As Dr. Ernest Boyer, school founder of Boyer Center, says “it is necessary if we are going to live with our deepest differences in the 21st century.” He also states that “the religious diversity of the United States continues to expand.” He feels it will be increasingly important that public schools be places where religious liberty works and where we learn as much as possible about one another.
In addition, Boyer is correct, we must and shall learn as much as possible about one another and ourselves. That brings us back to religion as the sense of community for one. Most educators take an effective view of student behavior. They do not want young people running around in destructive groups. They do not want them doing drugs, alcohol, or crime. They do not want them teasing others, speaking disrespectfully, withdrawing from their families, or cheating on their schoolwork. So, in order for such things to be prevented, we must develop a moral sense that goes through cooperative learning, discovery methods, active learning modes, peer teaching modes, and methods that give students responsibility for choosing how much to learn, in what way to learn, what parts of a topic to learn , or in what order to learn something. This moral education teaches us good conduct styles, including manners and thoughtfulness. It is about the development of our character, the stable qualities that are revealed in our actions. Frequently, people adopt a simplistic view of morality. They think it concerns only lying, cheating, or sexual misbehavior, whereas in fact it encompasses as well positive duties towards one’s self and others. Religious or not, moral standards affirm our human dignity and rights, allow us to treat others as we wish to be treated, enable us to live a fulfilling life, and make possible democratic and civilized cultures. These moral standards are taught by parents, but are reiterated by our schools each day. For example, Roland Park K-8 includes in their daily curriculum the topic of character. Bernadette Washington, Assistant Principal for Roland Park, says “Although, I do not know the statistical information of our effect of character education, I’m aware that more kids are being honest. We have kids reporting things without being afraid. There are lesser students receiving referrals than from previous years.” Diane Grossman, Kindergarten teacher at Roland Park, states “I was real big in the beginning on showing the students what character education was. Now we take out the time to teach them and show them honesty, no talking in the hallways, self-control, respect, and caring. I’m sure if you were to ask any student in my class, they can tell you that they want to care for others and respect people.” Moral education is taught by example. We imitate the attitudes that adults display around us.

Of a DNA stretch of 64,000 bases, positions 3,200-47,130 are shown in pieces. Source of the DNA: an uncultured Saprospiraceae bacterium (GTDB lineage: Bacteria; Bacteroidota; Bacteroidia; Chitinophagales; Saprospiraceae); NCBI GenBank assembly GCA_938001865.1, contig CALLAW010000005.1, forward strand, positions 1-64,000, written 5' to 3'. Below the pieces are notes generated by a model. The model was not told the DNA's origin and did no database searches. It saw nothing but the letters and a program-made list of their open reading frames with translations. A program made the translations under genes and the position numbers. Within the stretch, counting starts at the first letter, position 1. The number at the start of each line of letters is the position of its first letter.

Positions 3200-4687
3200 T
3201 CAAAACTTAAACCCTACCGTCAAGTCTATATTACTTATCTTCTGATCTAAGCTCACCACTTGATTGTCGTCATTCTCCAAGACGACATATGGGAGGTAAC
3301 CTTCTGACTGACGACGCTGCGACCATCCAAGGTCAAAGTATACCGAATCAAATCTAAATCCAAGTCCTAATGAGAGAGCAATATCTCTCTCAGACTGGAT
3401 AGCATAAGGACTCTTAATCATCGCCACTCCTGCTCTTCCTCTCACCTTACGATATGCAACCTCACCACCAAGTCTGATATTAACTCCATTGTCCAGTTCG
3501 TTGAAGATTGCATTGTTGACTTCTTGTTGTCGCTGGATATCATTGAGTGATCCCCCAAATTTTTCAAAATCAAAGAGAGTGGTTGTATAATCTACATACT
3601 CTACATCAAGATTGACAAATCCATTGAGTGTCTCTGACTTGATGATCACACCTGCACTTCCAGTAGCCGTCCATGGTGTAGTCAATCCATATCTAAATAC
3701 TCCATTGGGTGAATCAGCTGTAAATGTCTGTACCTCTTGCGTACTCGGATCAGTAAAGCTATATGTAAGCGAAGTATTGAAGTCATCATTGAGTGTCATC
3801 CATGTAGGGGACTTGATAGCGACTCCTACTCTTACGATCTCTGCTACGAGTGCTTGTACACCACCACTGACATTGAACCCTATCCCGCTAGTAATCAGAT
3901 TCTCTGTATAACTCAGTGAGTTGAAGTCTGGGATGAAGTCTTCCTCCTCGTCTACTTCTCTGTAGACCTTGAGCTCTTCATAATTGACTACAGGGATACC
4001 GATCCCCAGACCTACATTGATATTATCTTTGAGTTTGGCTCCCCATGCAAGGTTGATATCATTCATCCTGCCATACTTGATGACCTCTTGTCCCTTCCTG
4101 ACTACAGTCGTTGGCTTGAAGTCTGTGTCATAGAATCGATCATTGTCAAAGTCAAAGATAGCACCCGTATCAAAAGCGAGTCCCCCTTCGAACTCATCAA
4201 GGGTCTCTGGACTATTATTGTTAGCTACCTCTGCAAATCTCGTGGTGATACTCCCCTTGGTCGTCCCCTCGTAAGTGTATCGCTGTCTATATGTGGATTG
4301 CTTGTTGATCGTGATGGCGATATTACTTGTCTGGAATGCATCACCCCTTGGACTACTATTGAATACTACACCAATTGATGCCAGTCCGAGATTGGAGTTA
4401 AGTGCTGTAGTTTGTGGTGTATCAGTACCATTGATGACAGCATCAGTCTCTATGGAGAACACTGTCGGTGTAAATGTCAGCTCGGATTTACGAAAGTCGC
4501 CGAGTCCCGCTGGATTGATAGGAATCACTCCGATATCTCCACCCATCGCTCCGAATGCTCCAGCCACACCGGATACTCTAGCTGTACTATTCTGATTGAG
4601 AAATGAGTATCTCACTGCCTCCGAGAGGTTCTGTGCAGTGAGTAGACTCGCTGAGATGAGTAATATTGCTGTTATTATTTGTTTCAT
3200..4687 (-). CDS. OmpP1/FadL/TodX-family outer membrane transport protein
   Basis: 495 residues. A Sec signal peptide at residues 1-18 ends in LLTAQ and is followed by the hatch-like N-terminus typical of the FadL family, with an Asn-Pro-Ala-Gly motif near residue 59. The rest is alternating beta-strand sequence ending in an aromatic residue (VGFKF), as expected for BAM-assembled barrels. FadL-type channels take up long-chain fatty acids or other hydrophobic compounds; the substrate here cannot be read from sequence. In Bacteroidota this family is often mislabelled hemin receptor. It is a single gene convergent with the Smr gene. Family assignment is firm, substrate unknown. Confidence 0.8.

A part of moral education, we must continue to face school based behavioral problems with a moral dimension that educators try to solve with counseling. We must teach in these counseling sessions, virtues such as mercy, charity, forgiveness, humility, and modesty, so children can understand them. Then they will know that this is deeply rooted in religious teachings of right and wrong. We should and can learn about the religion-based sense of gratitude and humility that has fortified many different generations and cultures. Great thinkers of the modern era have expressed the wondrous nature with much passion. “The most beautiful and most profound emotion we can experience is the sensation of the mystical. It is the sower of all true science. He to whom this emotion is a stranger, who can no longer wonder and stand rapt in awe, is as good as dead,” said the great physicist Albert Einstein.